By Nick Brokhausen. 2018
A Green Beret’s gripping memoir of American Special Forces in Southeast Asia during the Vietnam War. In 1970, on his… second tour to Vietnam, Nick Brokhausen served in Recon Team Habu, CCN. Officially, it was known as the Studies and Observations group. In fact, this Special Forces squad, which Brokhausen calls “an unwashed, profane, ribald, joyously alive fraternity,” undertook some of the most dangerous and suicidal reconnaissance missions ever in the enemy-controlled territory of Cambodia and Laos. But they didn’t infiltrate the jungles alone. They fought alongside the Montagnards—oppressed minorities from the mountain highlands, trained by the US military in guerilla tactics, armed, accustomed to the wild, and fully engaged in a war against the North Vietnamese. Together this small unit formed the backbone of ground reconnaissance in the Republic of Vietnam, racking up medals for valor—but at a terrible cost. “In colorful, military-jargon-laced prose leavened by gallows humor, Brokhausen pulls few punches describing what it was like to navigate remote jungle terrain under the constant threat of enemy fire. A smartly written, insider’s view of one rarely seen Vietnam War battleground.” —Booklist
By Sue Moorcroft. 2012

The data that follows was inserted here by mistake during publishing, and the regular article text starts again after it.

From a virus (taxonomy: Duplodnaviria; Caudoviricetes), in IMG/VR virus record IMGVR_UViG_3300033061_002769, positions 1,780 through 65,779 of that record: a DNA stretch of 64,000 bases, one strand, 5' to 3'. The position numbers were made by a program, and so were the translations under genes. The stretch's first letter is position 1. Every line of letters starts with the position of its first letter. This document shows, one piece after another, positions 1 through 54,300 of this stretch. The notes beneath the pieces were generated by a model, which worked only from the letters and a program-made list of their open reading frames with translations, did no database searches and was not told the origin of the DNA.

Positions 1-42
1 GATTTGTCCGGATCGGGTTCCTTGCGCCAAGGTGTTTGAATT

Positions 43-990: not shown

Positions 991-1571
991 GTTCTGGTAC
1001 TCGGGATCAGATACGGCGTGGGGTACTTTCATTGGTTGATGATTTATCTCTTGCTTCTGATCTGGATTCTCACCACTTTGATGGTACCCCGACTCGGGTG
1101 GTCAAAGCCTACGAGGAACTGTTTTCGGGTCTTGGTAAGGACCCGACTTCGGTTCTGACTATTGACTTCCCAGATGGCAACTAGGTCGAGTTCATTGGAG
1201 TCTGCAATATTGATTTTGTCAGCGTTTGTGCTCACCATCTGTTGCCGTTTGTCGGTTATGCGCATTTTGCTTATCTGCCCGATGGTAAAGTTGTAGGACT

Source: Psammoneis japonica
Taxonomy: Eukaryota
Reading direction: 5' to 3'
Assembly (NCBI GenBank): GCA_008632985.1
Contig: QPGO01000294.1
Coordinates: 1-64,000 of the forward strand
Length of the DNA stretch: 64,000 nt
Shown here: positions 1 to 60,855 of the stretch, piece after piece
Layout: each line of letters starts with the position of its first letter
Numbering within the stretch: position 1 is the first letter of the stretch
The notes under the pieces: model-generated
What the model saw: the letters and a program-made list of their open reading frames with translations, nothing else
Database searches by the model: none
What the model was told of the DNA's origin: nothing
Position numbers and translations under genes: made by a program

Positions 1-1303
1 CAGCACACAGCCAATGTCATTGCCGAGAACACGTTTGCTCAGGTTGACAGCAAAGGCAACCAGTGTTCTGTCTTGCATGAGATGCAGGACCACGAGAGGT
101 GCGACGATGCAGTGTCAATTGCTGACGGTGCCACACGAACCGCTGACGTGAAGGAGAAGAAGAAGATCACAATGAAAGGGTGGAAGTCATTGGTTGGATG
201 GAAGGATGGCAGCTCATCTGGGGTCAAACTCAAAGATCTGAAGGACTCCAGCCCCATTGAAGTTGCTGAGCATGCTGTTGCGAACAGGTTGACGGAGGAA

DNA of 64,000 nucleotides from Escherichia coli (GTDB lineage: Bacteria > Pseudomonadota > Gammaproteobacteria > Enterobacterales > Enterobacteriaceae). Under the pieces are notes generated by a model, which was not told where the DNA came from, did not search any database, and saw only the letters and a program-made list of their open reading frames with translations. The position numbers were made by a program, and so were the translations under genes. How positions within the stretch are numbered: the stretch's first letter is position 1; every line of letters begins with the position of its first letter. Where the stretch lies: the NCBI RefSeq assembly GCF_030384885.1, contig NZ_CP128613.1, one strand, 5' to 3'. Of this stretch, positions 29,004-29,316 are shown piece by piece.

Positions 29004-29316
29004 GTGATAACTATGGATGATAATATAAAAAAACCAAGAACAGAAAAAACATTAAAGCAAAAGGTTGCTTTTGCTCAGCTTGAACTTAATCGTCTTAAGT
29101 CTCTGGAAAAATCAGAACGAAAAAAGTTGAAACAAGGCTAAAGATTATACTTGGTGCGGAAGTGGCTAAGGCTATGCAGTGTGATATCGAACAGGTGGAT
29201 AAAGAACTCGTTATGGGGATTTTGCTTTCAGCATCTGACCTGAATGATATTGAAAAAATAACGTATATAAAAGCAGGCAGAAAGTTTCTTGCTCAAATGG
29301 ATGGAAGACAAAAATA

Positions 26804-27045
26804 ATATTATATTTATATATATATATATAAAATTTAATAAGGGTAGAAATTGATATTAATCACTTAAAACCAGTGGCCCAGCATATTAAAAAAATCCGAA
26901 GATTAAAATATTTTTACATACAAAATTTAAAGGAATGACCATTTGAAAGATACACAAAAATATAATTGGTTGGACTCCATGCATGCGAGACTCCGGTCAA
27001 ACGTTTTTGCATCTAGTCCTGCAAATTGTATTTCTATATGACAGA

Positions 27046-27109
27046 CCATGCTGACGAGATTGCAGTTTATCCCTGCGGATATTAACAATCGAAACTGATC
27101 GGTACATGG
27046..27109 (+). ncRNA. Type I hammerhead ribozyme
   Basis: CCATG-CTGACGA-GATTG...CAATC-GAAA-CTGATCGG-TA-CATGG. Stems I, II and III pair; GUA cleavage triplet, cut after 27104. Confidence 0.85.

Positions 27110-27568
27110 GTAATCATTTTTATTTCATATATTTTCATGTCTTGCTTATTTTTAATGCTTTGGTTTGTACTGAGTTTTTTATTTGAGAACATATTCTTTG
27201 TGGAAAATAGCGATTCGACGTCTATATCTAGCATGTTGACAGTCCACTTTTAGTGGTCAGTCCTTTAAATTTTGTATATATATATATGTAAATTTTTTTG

Love sells and sex sells and you can earn your living writing about them for novels, novellas and short stories… as well as serials for magazines, anthologies and websites. This book holds the secrets of how to achieve success. As well as drawing on her experience as a fiction writer and creative writing tutor, in this 'must-have' book Sue has included questions from aspiring writers - with illuminating responses from published writers and industry experts. Romantic fiction encompasses everything from chart-topping chick lit and romantic comedies, through gritty sagas, sweeping historicals and smouldering erotica to liver-twisting affairs with vampires. Bright, emotional, involving, intelligent storytelling about love and desire is what readers want and will pay for. Do you want to know how to create emotional punch? (Or even what emotional punch is?) How to control dual time lines? Spring your work out of the slush pile? Write a tender love scene that excites passion rather than hilarity? This book reveals all. Sue Moorcroft writes novels, serials and short stories, articles for writing magazines and writing courses. As a creative writing tutor she has taught at the University of Leicester, the London School of Journalism, Adult Learning Services Northants, Writing School Leicester and Writers' News Home Study. A committee member of the Romantic Novelists' Association, she is the editor of their anthology, Loves Me, Loves Me Not. She's a past winner of the Katie Fforde Bursary Award.